For much of the last two decades the key to getting better wind power efficiency was larger and larger turbines. Garrad Hassan writes of the trend in greater turbine size

Figure 3.10 Growth in size of commercial wind turbine designs, Source Garrad Hassan

Source: Garrad Hassan

The past exponential growth of turbine size was driven by a number of factors.  The early small sizes, around 20-60 kW, were very clearly not optimum for system economics.  Small wind turbines remain much more expensive per kW installed than large ones, especially if the prime function is to produce grid quality electricity.  This is partly because towers need to be higher in proportion to diameter to clear obstacles to wind flow and escape the worst conditions of turbulence and wind shear near the surface of the earth.  But it is primarily because controls, electrical connection to grid and maintenance are a much higher proportion of the capital value of the system.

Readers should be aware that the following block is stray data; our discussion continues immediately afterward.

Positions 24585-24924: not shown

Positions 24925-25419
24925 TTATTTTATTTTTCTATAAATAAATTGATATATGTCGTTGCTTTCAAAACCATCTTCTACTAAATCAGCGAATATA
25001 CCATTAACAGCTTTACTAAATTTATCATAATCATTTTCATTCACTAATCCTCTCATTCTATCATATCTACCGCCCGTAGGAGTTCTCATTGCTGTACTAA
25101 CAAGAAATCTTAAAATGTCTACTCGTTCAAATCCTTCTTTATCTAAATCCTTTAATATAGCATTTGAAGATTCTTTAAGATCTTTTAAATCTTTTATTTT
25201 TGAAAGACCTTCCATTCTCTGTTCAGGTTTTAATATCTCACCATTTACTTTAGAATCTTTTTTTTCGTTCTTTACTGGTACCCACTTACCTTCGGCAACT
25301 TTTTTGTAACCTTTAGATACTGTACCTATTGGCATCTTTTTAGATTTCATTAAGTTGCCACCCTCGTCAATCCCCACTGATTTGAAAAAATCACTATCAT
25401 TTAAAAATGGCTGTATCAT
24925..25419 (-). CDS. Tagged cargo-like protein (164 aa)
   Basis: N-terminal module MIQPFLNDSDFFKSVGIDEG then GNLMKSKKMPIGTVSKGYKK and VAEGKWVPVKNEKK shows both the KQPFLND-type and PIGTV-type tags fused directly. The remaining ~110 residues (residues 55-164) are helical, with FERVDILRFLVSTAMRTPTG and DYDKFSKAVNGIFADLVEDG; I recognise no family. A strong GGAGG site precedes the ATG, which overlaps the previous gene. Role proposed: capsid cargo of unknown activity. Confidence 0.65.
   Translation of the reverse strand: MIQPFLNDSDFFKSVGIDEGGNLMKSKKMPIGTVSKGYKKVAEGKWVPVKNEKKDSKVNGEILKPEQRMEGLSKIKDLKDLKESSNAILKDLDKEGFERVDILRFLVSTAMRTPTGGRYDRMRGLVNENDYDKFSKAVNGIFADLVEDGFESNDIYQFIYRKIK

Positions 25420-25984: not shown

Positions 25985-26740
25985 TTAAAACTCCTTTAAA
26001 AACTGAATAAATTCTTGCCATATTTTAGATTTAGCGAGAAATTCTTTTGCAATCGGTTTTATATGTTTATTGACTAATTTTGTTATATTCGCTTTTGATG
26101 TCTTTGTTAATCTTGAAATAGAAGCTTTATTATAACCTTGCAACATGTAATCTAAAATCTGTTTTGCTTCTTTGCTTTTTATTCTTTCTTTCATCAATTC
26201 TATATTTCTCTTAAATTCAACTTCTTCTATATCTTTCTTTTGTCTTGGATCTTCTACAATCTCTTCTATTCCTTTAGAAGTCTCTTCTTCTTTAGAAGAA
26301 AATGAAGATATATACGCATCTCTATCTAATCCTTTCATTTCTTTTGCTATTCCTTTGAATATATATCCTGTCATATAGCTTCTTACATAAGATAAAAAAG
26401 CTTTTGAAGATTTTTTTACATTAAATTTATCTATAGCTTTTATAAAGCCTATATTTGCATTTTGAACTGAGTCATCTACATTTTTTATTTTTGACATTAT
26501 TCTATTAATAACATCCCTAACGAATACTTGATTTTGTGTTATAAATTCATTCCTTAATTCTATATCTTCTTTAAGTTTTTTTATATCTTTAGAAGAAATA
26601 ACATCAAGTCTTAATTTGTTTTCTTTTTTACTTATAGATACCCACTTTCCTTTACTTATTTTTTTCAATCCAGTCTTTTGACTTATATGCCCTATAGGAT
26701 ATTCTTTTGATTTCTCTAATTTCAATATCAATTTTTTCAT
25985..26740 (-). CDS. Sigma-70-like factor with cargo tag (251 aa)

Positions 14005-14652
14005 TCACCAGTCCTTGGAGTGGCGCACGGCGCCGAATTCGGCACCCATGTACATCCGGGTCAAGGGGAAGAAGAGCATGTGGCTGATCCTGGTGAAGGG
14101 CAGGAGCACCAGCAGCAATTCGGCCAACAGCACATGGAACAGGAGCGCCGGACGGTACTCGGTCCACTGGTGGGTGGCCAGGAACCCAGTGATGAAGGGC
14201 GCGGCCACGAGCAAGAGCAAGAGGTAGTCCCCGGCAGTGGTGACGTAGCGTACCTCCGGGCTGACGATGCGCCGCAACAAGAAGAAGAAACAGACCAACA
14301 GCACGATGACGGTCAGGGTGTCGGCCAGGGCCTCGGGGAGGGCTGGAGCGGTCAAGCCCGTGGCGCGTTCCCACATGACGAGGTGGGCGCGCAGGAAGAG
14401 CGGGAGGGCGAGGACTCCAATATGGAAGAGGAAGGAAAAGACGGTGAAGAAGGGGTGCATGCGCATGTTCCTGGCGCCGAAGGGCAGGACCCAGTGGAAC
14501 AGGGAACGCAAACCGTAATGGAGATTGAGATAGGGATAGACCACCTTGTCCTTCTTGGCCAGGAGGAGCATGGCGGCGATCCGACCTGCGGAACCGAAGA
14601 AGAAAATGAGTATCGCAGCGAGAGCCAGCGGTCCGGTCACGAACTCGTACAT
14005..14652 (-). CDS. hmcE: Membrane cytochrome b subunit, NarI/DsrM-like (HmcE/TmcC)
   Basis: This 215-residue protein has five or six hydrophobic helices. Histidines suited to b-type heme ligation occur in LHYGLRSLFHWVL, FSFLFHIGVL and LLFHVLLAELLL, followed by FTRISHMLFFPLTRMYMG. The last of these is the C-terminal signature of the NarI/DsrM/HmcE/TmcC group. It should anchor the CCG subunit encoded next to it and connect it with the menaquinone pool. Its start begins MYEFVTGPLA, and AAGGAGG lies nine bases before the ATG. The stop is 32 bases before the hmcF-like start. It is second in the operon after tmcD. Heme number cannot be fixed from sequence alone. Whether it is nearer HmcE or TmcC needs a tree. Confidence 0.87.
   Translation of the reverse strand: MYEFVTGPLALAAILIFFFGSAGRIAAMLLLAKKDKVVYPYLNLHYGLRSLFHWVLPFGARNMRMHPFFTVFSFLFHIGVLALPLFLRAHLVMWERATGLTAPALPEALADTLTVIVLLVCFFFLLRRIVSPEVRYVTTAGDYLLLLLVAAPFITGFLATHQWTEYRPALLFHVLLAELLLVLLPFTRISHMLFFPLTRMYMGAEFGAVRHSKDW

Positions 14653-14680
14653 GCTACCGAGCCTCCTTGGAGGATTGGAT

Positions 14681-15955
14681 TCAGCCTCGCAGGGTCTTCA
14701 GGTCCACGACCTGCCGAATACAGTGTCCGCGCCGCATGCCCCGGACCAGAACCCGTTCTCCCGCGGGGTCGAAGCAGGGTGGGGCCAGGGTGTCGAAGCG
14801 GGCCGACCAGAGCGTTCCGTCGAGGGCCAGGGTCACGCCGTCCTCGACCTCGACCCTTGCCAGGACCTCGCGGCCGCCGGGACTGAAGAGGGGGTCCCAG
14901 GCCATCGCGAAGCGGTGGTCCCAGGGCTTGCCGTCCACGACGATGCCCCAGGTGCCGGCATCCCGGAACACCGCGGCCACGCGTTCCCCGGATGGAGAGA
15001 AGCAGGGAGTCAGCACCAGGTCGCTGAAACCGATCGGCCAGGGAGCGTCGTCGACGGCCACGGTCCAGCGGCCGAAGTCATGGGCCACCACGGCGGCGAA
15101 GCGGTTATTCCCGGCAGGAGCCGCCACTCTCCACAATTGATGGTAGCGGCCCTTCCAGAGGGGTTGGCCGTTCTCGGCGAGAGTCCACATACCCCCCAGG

A new technology called AeroLeaf from NewWind could turn this conventional thinking on its head. AeroLeaf is “A proprietary technology based on microelectricity and a multiplicity of turbines. Its ingenious approach consists of accumulating watts to make up kilowatts.” A number of small turbines are used to harvest even the slightest wind. This technology won’t be replacing massive power plants any time soon, but its distributed, local focus could certainly make any power grid more robust.